Imagine what that number will be if and when education reform really takes hold — when excellent teachers who produce results are valued and rewarded, when elementary school literacy becomes standard operating procedure.

That was the underlying message coming from Gov. Susana Martinez — and, though in part and not as directly, from Albuquerque Public Schools Superintendent Winston Brooks.

This is direct Journal support for two of Gov. Martinez’s main goals during the legislative session – that laws be passed that would evaluate and reward teachers based on student success, without considering whether that success is being thwarted by poverty, and mandatory retention for third graders not reading at grade level, without providing for mitigating input from teachers or parent. Both proposals have been met with resistance from some educators and legislators.

Then the editorial quoted Brooks as giving the Public Education Department “a lot of credit” for making educators feel accountable, adding, as the official position of the Journal, that :

PED and Secretary-designate Hanna Skandera do deserve credit, as do all the teachers and administrators who have embraced changes that put student achievement first.

Typically, there’s a bit of a generic quality to the editorial in praising all who “put student achievement first.” But coming as the “walk-off” of an editorial on improved graduation rates, it also implies Skandera had something to do with those rates — a bit incongruous, considering that gauging of high school graduation rates is a four-year process, tracking students from their entry as freshmen to the end of their senior year. Martinez took office as governor two years ago and appointed Skandera to lead the Public Education Department after that.

And while the graduation rates are good news for New Mexico – as Albuquerque educator / House Education Committee Chair Mimi Stewart indicates in this New Mexico in Focus clip filmed during the Legislature — there’s a bit of context missing in assigning all this credit to Martinez and PED.

In this case, the context is that in the days prior to New Mexico’s announcement, national stories already had appeared saying high school grad rates were up nationwide, with the Associated Press saying the rates were the highest since 1976. By neglecting to mention that New Mexico’s good news is reflective of a broader national trend, the Journal might leave some impression (especially with Gov. Martinez featured in the first paragraph) that New Mexico’s overall-rate-improvement news can be credited to her.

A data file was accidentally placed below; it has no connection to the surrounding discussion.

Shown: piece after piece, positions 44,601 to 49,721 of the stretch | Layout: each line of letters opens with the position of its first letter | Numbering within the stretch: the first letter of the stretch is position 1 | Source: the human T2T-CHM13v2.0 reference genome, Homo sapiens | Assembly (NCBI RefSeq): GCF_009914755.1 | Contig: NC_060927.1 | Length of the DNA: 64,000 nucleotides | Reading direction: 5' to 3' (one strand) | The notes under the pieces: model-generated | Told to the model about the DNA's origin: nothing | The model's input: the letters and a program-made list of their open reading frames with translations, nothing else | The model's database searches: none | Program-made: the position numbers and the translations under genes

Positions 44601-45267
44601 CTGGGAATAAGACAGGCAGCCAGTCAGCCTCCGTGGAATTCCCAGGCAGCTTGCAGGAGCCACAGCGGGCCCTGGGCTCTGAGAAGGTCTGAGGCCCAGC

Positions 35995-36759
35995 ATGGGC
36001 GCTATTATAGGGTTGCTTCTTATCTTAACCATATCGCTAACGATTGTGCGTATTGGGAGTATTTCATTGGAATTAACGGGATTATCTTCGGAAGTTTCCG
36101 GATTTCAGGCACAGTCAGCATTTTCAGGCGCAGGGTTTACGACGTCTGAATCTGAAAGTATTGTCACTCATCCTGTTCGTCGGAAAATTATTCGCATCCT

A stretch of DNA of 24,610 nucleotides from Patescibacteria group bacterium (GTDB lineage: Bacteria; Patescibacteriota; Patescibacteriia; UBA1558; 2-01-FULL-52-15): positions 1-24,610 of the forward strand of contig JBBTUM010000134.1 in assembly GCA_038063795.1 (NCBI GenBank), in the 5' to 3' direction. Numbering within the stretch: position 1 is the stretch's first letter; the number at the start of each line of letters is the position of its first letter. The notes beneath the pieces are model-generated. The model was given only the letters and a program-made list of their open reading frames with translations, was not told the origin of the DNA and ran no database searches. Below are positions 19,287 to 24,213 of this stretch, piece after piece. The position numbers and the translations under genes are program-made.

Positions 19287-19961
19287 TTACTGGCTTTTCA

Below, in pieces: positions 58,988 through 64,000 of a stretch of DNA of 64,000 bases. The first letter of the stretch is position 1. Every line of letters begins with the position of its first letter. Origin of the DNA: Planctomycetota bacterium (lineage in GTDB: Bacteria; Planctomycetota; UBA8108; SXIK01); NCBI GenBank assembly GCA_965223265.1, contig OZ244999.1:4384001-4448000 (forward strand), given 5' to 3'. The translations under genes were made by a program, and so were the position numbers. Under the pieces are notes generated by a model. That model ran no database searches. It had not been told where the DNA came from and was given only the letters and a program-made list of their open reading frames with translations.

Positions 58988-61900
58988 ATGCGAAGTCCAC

Quoting a U.S. Education Department report, the Huffington Post noted that graduation rates, while up to a rate of more than 78 percent overall, varied among the states, with New Mexico near the bottom:

Vermont led the pack with a graduation rate of 91.4 percent, followed by Wisconsin at 91.1 percent and North Dakota at 88.4 percent. Most Northeastern states came in at between 75 and 90 percent. California and Texas, the two most populous states, came in between 78 and 79 percent. The state with the lowest graduation rate was Nevada, with 57.8 of its students graduating on time. New Mexico, Louisiana, Mississippi, Georgia and South Carolina also came out on the bottom.

The Huffington Post also reported that nationwide, graduation rates among Hispanics had jumped by 10 percent, to 71 percent, which is a point higher than New Mexico’s overall graduation rate.

In fact, this last statistic shows that Hispanics fared better nationally than in New Mexico, thanks to another blog Heinz posted the day of her front-page “good news” story about graduation rates.

In “The Other Achievement  Gap,” which appeared only online, Heinz delved further into the statistics and noticed that:

. . .there’s a 10-point gap between boys and girls in New Mexico. Boys have a graduation rate of 65 percent, while girls have a rate of 75 percent. That’s just as wide as the gap between Hispanic (67 percent) and Anglo (77 percent) students, which has rightly been the subject of extensive concern in New Mexico.

Noting that, “Some places, including here in Albuquerque, have dabbled in single-sex classrooms,” Heinz concludes that:

In any case, I don’t know the answer to any of this, but the gender gap in the graduation rates really jumped out at me, and probably merits further reporting and a future story.

I, for one, look forward to that.